FILM: ‘Classic Albums – The Beach Boys: “Pet Sounds”‘

beach-boys-pet-soundsIs there anything left to say about Pet Sounds? Between thinkpieces inspired by the beloved album’s recent 50th birthday, reviews of Brian Wilson’s current tour, and new memoirs by both Brian Wilson and Mike Love, it seems unlikely that there’s anything new to learn.

Eagle Rock Entertainment’s new Blu-Ray/DVD release, Classic Albums — The Beach Boys: Pet Sounds, is advertised as “the definitive authorized story of the album,” but truthfully, it has very little to add to the last five decades’ worth of Pet Sounds discussion.

All five living Beach Boys are interviewed separately, saying mostly the same things they’ve been saying in interviews for years. David Marks, who had left the band before Pet Sounds, talks about the band’s early days as kids growing up in Hawthorne, CA. Brian Wilson discusses his early love of the Four Freshmen and his exposure to boogie-woogie music, while Al Jardine raves about the Kingston Trio, and Mike Love name-checks Chuck Berry.

Love also adds a new version of the Beach Boys origin story here, claiming in this interview that the Beach Boys came together as a band because he and Brian were “asked to do a folk song,” and when they said they preferred R&B to folk music, they combined the two to write “Surfin.'”

When it comes time to talk about the album, Bruce Johnston rhapsodizes about Wilson’s genius (“He’s truly the most gifted music person I’ve ever met”), Love defends himself (he did so like the album, and you can tell, because he sang on it!), and Jardine talks about the Kingston Trio some more.

The interviewers clearly lucked out in the making of this film, as Wilson is in an animated, talkative mood for most of his footage — in fact, he probably plays more piano on this DVD than he does on any given night of his current Pet Sounds tour. It’s a treat to watch his face light up when engineer Mark Linett plays him the isolated backing vocals from “Wouldn’t It Be Nice” (“There they are!” he exclaims. “The Beach Boys!”)

While everyone else is attempting to outdo each other with praise for him, Wilson talks about his pets’ appearance at the end of “Caroline No” (“I just wanted my dogs to be heard, you know?”), claims that the word “genius” doesn’t mean anything, and concludes simply, “I love music.”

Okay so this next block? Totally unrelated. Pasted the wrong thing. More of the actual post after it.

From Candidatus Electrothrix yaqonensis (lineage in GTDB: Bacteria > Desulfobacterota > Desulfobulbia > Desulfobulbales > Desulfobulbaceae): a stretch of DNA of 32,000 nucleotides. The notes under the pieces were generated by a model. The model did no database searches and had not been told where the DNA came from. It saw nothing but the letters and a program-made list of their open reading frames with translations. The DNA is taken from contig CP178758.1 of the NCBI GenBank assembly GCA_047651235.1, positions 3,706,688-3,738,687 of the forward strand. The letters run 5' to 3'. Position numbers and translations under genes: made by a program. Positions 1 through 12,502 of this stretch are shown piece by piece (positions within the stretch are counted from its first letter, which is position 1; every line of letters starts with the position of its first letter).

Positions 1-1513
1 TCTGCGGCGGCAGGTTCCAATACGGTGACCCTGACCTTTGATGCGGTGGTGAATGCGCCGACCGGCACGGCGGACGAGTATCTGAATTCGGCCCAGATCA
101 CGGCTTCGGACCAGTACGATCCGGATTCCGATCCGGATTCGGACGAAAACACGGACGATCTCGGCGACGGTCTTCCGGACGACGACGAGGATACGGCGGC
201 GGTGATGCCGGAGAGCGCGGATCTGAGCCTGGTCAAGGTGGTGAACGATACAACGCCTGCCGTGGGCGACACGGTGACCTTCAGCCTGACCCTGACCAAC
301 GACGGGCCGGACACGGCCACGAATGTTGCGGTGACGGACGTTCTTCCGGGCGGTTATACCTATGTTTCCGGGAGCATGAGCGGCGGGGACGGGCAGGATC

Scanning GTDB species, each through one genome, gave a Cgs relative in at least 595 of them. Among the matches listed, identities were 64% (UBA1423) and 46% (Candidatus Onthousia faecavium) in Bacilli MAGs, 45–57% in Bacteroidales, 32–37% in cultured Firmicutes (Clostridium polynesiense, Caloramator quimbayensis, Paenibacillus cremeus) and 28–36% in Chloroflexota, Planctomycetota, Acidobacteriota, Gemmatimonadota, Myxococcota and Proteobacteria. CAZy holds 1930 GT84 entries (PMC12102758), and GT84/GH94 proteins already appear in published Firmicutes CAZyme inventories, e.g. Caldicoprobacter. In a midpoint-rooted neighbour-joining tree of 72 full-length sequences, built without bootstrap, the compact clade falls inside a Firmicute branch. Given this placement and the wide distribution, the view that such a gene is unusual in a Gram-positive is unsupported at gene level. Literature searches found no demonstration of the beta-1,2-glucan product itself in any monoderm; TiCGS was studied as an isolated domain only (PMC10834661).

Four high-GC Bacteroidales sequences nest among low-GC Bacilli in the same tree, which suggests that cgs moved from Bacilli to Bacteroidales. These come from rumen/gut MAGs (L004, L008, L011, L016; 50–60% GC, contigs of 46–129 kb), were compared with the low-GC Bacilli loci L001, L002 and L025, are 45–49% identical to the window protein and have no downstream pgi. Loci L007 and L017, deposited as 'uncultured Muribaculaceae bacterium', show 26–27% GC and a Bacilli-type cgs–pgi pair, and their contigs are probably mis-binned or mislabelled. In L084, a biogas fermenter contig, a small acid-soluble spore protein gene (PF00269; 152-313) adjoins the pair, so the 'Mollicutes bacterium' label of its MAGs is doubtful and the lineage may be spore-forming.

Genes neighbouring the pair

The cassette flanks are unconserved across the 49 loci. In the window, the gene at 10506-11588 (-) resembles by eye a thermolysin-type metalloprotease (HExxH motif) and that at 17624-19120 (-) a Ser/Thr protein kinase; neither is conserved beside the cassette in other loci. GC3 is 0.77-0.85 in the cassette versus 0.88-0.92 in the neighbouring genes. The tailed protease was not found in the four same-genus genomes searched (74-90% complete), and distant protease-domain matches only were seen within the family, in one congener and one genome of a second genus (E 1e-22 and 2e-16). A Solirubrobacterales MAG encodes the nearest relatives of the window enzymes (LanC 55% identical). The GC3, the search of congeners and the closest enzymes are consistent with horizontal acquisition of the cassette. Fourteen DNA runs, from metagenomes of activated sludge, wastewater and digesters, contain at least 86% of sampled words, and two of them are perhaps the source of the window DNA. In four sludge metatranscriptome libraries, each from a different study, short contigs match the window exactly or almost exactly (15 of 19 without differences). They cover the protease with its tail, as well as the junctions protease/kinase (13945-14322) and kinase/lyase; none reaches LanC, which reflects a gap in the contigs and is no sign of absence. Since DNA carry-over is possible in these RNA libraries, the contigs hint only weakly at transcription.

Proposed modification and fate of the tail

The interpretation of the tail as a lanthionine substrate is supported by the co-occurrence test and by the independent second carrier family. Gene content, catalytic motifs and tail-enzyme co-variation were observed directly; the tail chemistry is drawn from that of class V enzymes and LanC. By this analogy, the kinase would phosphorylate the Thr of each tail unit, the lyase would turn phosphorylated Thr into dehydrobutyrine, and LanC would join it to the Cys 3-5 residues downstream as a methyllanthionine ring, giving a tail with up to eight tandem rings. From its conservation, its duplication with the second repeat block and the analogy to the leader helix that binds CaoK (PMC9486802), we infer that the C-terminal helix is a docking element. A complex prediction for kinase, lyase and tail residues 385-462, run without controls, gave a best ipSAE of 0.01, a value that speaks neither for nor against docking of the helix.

Many other people with Beach Boys connections (and a few with tenuous connections at best) give interviews for the documentary. Tony Asher, the jingle writer who became Wilson’s main lyrical collaborator for the album, describes his first meeting with Wilson (“He was good with words,” Wilson himself recalls), and reads aloud the lyrics for “God Only Knows.”

Rock journalists David Wild and Lucy O’Brien discuss Wilson’s gifts for arranging vocals and working with studio musicians, while engineers Bruce Botnick and Mark Linett are in audio geek heaven as they discuss Wilson’s recording process.

Then there’s Helen Shapiro, a singer who opened for the Beach Boys during their tour in England, who describes them as “lovely guys,” and offers the scintillating revelation that Johnston had once offered to record her… and then didn’t.

Most of the non-instrumental tracks from the album are spotlighted. Wilson summarizes the “social statement” of “I Just Wasn’t Made For These Times” as, “I wish I could find people that could help me find a cooler place.” “Here Today” is accompanied by photos of the Boys and their Pet Sounds-era wives,” Mike Love and Tony Asher address the drug subtext of “Hang Onto Your Ego”/”I Know There’s An Answer,” and much is made of Paul McCartney’s statement that “God Only Knows” is the greatest song ever written.

And anyone who’s ever wondered just how long one can hold a grudge will get their answer when Al Jardine prefaces a montage set to “Pet Sounds” with a priceless rant about the album cover: “‘We’ll send you down to the San Diego Zoo and photograph you with a bunch of damn goats!’ I mean, what was that all about? That was the biggest miscarriage of justice of all!”

Bonus material includes segments on some of the songs not included in the documentary, Mark Linett pushing more faders around, Mike Love boasting that his setlists in 2016 will feature “at least six” songs from Pet Sounds, and Bruce Johnston claiming that, if “Good Vibrations” had been included on the album, the Beach Boys would now be owners of the galaxy.

Casual fans and Brianistas alike will be able to follow along with the well-known Pet Sounds narrative. The Beach Boys used to only sing about cars and surfing and teenage romance! Then, Brian got tired of touring and became a Serious Artist, and possibly a Genius! He decided that he would move away from writing singles and instead make A Real Album! The other Beach Boys were mad, and Capitol Records didn’t like the album at first, but now it’s a classic! Cue “God Only Knows” and roll the credits!

There’s more than an element of truth to all of this, of course, but a film claiming to be the “definitive” story of Pet Sounds would have done well to present a more nuanced perspective. Luckily, viewers searching for more information about Pet Sounds have plenty of resources to choose from these days.

Get your copy of Classic Albums: The Beach Boys – ‘Pet Sounds’ on Amazon.

About Carey Farrell 40 Articles
Carey Farrell is a writer, musician, and teacher from Chicago. She enjoys collecting vintage books and records, watching terrible movies, and telling people about the time her band opened for Peter Tork. Find her on YouTube or Bandcamp.